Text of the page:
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Removing your mole (excision biopsy)

The specialist doctor might remove the abnormal area to find out if it's a melanoma skin cancer. This is called an excision biopsy. 

The doctor sends the abnormal area or mole to the laboratory.  A specialist doctor (pathologist) looks at the tissue under a microscope. This is the only way to know for certain if you have melanoma. 

What happens

You need a minor operation to remove your mole to find out whether it is a melanoma. You can eat and drink as usual before the operation.

A specialist skin doctor (consultant dermatologist) usually does the operation. Or you might see a plastic surgeon who is experienced in melanoma.

You lie down on the treatment couch. Your specialist injects some local anaesthetic into the area around the mole. This numbs the area. You will be awake.

They remove the whole mole and a small amount (2mm) of normal skin around it.  Your specialist sends what they remove to the laboratory.

They might need to close the wound with stitches. You may have a small dressing over the top to begin with. Your doctor or nurse will let you how to look after the wound and dressing.

After the biopsy

You can go home the same day.  

You can usually remove the dressing a few days after the operation. If you’ve had stitches you’ll need to go back to the clinic or your GP practice to have your stitches taken out. Or you might have stitches that dissolve on their own instead.

The nurse or doctor will let you know what they have done and how to look after your wound before you leave.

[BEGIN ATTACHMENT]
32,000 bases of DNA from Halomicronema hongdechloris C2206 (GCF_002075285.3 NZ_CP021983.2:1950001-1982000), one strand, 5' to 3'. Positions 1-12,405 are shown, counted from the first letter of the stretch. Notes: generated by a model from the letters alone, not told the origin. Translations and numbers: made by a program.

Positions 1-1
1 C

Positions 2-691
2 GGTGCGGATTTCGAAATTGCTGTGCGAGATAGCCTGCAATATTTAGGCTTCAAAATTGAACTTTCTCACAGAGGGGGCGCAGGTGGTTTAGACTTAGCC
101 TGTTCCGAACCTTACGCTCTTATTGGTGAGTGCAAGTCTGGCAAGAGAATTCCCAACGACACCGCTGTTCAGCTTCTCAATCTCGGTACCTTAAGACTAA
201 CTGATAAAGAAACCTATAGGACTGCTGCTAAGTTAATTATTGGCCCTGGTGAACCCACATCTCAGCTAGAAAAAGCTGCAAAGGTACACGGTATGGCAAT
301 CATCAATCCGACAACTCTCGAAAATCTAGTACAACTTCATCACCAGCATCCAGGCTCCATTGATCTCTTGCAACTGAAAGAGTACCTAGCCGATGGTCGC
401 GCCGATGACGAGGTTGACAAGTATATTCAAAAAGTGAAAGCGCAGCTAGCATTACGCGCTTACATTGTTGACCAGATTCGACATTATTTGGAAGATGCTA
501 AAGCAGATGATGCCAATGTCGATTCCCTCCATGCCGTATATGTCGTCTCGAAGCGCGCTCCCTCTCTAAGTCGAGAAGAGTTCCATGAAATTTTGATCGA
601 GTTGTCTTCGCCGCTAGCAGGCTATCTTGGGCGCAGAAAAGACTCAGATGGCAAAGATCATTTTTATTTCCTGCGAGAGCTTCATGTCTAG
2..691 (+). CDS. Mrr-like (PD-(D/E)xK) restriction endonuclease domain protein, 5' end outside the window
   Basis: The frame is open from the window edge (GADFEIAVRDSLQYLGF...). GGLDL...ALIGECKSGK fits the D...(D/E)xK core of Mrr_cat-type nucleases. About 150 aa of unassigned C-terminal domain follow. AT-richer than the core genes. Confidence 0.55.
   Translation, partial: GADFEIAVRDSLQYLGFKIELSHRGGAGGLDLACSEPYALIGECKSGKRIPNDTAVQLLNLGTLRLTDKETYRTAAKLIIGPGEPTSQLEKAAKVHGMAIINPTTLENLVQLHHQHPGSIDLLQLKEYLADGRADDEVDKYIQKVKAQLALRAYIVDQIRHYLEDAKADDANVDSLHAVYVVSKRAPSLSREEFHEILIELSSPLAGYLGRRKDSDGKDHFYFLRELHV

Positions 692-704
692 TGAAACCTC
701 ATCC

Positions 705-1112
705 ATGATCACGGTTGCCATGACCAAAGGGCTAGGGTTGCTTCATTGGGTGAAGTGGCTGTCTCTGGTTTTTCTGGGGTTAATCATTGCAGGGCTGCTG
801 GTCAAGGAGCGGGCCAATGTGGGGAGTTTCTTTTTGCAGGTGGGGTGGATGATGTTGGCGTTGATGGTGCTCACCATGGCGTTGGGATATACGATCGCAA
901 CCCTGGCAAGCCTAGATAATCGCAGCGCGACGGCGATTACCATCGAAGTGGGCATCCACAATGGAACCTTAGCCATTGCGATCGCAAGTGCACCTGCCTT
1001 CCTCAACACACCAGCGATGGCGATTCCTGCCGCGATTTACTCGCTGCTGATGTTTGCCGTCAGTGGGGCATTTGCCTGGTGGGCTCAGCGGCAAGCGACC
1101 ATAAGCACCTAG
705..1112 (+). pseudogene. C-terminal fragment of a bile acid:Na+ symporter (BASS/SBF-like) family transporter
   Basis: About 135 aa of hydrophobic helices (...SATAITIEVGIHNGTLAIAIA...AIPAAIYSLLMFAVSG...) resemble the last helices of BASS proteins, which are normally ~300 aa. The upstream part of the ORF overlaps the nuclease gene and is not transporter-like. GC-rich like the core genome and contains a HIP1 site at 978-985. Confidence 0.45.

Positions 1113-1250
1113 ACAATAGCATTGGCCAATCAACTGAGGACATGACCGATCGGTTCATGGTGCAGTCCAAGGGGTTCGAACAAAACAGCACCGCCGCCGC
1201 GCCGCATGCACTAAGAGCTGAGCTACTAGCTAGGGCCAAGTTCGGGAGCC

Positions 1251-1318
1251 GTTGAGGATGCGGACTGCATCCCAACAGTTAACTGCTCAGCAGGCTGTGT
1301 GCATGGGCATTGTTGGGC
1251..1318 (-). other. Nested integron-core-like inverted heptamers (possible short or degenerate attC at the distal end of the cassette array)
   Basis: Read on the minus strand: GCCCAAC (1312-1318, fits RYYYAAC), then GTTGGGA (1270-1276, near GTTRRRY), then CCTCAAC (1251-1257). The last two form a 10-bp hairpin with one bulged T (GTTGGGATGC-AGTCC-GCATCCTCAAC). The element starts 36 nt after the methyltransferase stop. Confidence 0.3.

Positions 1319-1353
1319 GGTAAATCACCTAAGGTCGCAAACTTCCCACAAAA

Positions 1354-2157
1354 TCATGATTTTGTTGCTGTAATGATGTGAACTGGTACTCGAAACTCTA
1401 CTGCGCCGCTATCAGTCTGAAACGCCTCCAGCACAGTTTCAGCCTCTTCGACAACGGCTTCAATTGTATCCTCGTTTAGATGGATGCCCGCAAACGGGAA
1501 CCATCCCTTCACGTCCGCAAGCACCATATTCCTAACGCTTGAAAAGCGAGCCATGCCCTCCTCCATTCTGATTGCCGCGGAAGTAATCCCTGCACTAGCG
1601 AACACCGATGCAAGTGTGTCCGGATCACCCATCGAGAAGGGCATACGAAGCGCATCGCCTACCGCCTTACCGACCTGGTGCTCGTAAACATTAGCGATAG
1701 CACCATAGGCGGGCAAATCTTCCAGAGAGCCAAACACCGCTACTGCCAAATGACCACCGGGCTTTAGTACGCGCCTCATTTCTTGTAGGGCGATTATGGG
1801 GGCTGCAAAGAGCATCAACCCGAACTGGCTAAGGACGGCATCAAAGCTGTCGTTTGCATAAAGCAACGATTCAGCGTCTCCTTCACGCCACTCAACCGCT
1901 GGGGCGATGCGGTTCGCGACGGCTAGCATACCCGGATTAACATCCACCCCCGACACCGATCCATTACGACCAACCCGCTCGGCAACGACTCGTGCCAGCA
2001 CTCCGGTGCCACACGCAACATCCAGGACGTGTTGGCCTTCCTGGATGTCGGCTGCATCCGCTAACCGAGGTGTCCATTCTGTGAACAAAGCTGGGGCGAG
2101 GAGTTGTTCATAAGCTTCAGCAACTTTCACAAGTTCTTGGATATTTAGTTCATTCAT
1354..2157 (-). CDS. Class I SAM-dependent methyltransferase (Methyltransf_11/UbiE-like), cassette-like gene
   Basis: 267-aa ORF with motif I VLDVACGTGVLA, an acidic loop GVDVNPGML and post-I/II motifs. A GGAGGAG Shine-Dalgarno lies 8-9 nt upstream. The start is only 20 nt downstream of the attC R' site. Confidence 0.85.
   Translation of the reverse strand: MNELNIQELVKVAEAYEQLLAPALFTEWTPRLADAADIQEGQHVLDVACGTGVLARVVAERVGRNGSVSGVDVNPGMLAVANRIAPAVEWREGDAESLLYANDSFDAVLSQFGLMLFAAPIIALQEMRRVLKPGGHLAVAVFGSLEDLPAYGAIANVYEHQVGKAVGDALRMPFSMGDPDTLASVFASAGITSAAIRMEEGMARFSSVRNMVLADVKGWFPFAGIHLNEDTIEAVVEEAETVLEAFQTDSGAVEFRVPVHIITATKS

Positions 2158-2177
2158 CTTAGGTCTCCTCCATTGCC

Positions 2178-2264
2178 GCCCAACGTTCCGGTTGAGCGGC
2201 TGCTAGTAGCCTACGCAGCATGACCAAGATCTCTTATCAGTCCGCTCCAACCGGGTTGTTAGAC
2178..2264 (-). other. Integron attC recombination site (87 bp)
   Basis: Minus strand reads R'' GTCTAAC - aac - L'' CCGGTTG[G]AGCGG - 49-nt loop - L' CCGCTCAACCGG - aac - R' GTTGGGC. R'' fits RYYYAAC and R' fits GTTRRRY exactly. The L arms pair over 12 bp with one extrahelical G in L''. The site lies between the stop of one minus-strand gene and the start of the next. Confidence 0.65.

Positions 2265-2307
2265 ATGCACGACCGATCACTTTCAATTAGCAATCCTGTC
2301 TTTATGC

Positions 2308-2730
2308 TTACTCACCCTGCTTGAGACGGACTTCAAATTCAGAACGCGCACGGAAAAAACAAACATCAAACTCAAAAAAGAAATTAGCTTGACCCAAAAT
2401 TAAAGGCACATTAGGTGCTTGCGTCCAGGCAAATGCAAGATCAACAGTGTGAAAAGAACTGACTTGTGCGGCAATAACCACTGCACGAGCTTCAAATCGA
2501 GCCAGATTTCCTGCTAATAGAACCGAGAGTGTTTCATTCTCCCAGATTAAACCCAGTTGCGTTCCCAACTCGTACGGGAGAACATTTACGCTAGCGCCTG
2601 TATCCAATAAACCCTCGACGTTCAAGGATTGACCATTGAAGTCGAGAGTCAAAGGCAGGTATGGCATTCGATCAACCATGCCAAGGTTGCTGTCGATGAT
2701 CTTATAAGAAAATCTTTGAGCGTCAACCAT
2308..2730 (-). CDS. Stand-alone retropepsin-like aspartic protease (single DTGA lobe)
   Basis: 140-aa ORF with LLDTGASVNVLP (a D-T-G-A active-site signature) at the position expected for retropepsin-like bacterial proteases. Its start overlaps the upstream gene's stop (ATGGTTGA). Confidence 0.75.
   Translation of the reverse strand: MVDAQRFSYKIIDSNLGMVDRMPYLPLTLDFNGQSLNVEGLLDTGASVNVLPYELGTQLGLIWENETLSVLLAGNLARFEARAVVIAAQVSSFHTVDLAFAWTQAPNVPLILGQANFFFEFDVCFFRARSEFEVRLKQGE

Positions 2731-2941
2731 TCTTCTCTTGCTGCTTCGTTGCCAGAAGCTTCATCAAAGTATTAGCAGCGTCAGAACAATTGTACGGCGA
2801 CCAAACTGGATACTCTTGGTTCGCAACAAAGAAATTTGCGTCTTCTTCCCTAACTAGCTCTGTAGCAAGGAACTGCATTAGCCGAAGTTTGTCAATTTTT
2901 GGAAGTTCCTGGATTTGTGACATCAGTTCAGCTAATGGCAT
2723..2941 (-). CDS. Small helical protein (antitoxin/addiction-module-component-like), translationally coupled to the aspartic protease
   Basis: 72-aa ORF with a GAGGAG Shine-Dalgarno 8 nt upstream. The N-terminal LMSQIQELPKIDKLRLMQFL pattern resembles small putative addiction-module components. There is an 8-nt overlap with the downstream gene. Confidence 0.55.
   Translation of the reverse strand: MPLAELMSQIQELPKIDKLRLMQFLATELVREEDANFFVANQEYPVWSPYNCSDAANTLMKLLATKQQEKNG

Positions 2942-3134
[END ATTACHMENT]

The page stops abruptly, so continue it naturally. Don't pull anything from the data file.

Getting your results

You get your results at the clinic or your GP practice. It may take up to 2 weeks to get them.

Waiting for test results can be worrying. It may help to talk to a close friend or relative about how you feel.

You can also call the Cancer Research UK nurses on freephone 0808 800 4040. The lines are open from 9am to 5pm, Monday to Friday.

What happens next

You will need to go into hospital for another operation to remove more tissue, if you have melanoma.

This is called a wide local excision. The aim is to take away any cancerous cells that may have been left in the area around the melanoma. It reduces the chance of the melanoma coming back.

Depending on how deep your melanoma is, you might need tests to find out if it has spread to another area of your body.

If you don’t have melanoma, you do not need any further tests or treatment.

Last reviewed: 
22 Apr 2020
Next review due: 
21 Apr 2023
  • Melanoma: assessment and management
    National Institute for Health and Care Excellence (NICE), July 2015

  • Revised U.K. guidelines for the management of cutaneous melanoma 2010
    J.R. Marsden and others
    British Journal of Dermatology 2010 163, pp238–256

  • Melanoma. A Modern Multidisciplinary Approach
    A I Riker and others
    Springer, 2018 (ebook)

  • Guidelines of care for the management of primary cutaneous melanoma
    S M Swetter and others
    Journal of the American Academy of Dermatology, 2019. Volume 80, Issue 1, Pages 208 – 250

  • SIGN 146 Cutaneous melanoma. A national clinical guideline
    Scottish Intercollegiate Guidelines Network, January 2017

  • BMJ Best Practice Melanoma
    A M Menzies and others
    BMJ Publishing Group, last updated June 2018

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